When you look the other way or allow a vet to get away with performing unauthorized procedures, or allow a vet to minimize or downplay his wrongful actions, you could be helping that vet to continue to harm other people's pets.
Informed consent is NOT OPTIONAL, nor does a vet get to define it to suit his purposes.
ANY VETERINARIAN who works IN SECRET, without obtaining your permission (i.e., INFORMED CONSENT) to perform procedures on YOUR pet -- especially when provable violations of standard of care are involved -- could be hazardous to your pet's health.
There are too many competent, professional veterinarians who keep consistently good, accurate records and obtain informed consent for the specific procedures involved. Choose your veterinarian carefully or you may end up with one who ignores the laws of his own profession.
The Board contends that Lincoln failed to gain explicit permission for surgery performed on a golden retriever in March 2004 and failed to maintain adequate medical records for the dog’s treatment. ... more
Vet Removes Dog's Teeth Without Notifying Owner, North Andover, Mass., eagletribune.com, June 2, 2007
"The whole idea is this is your child, this is your baby. How can you trust what they say when you drop off your pet?" asked [owner] Carew, who lives in Haverhill.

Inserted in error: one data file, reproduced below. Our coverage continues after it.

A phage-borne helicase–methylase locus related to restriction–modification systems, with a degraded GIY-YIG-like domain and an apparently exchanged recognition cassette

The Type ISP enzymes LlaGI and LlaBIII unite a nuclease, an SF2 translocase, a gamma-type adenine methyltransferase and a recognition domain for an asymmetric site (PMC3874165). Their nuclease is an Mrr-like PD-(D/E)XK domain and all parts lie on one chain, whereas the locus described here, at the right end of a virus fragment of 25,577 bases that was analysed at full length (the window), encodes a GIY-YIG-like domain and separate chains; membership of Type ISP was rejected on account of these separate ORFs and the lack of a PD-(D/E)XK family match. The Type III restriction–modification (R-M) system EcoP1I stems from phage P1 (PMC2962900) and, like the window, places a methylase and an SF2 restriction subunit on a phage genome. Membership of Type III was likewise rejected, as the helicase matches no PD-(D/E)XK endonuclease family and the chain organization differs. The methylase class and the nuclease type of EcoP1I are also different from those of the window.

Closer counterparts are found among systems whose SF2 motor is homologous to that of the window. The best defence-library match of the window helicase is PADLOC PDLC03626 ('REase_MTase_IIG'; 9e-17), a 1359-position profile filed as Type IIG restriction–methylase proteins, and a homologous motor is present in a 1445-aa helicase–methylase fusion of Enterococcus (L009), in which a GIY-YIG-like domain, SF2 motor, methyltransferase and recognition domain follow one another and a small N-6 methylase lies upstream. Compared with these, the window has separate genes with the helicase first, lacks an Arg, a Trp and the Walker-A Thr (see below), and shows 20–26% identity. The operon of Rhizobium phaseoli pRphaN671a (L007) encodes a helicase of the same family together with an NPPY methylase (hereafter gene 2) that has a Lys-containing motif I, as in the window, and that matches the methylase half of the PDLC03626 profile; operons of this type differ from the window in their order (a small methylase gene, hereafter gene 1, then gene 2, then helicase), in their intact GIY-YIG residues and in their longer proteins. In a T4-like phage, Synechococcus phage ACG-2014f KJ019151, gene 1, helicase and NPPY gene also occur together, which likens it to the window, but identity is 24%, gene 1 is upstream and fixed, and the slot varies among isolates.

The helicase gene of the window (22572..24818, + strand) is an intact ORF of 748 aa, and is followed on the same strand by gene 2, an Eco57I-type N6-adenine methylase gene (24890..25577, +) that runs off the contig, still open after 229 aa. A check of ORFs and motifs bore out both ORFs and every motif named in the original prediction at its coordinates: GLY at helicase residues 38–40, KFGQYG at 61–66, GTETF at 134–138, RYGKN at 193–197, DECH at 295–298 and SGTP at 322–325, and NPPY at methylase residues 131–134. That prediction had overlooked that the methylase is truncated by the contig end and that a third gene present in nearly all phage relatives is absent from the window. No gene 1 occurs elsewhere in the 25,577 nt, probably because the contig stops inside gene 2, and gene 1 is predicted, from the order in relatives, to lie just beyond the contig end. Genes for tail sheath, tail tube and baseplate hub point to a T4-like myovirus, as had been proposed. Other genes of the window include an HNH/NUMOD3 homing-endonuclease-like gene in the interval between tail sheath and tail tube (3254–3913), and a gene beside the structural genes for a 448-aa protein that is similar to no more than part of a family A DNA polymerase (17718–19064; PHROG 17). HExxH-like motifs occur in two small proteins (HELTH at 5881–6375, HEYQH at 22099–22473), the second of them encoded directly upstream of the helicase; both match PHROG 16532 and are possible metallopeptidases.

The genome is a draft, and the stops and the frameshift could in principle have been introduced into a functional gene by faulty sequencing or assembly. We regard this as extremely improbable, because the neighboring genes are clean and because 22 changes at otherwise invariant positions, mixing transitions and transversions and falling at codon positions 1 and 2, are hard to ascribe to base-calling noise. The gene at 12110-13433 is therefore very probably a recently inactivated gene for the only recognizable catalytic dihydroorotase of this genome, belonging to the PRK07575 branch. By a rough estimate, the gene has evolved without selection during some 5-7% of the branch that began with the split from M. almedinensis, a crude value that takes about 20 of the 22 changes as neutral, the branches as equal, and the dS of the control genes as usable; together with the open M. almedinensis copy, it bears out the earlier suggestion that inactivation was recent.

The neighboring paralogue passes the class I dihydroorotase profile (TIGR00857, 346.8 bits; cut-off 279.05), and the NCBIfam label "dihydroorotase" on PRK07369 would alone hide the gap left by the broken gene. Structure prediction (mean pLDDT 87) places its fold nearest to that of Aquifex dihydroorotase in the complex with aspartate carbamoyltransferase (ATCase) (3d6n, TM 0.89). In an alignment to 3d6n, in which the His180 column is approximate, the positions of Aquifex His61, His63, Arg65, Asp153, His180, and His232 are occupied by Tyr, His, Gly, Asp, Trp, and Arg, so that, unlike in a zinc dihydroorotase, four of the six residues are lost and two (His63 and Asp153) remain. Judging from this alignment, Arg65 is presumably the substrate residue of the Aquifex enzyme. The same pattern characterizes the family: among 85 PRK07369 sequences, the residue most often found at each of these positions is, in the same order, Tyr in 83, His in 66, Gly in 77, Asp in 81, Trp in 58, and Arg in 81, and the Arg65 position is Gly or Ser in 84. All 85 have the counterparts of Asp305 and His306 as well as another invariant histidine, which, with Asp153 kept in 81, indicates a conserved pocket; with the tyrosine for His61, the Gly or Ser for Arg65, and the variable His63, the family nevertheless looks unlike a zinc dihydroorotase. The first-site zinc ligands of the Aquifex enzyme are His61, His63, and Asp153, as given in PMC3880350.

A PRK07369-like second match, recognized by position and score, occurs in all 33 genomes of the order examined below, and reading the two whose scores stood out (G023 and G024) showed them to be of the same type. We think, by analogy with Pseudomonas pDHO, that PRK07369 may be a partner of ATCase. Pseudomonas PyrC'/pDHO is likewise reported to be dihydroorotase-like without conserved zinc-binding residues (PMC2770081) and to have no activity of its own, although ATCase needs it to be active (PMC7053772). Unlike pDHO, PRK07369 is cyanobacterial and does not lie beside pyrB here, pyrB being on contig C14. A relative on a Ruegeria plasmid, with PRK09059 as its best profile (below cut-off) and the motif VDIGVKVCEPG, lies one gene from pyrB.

Are Pets Being Over-vaccinated? Check out Next-to-Kin Organization
Vaccination concerns: Check out consumer warnings about unnecessary and potentially harmful vaccines
WHDH Channel 7 News, Boston, "Pet Threat", May 18, 2005
Is Vaccine Putting Pets in Danger? , KDKA-TV Special Reports, Pittsburgh, kdka.com, March 4, 2004
Feline Chronic Renal Failure Information Center If you have a cat with kidney disease or decline in kidney function, this is the best resource for feline CRF on the net. If a vet for any reason instructs you not to read this site or any like it, fails to diagnose CRF or leaves it or any other serious condition or diagnosis off of your cat's patient chart, you may want to get your pet safely out and FIND ANOTHER VET IMMEDIATELY.
For guardians of geriatric (elderly) cats or cats with kidney failure:
Feline CRF -- Chronic Renal Failure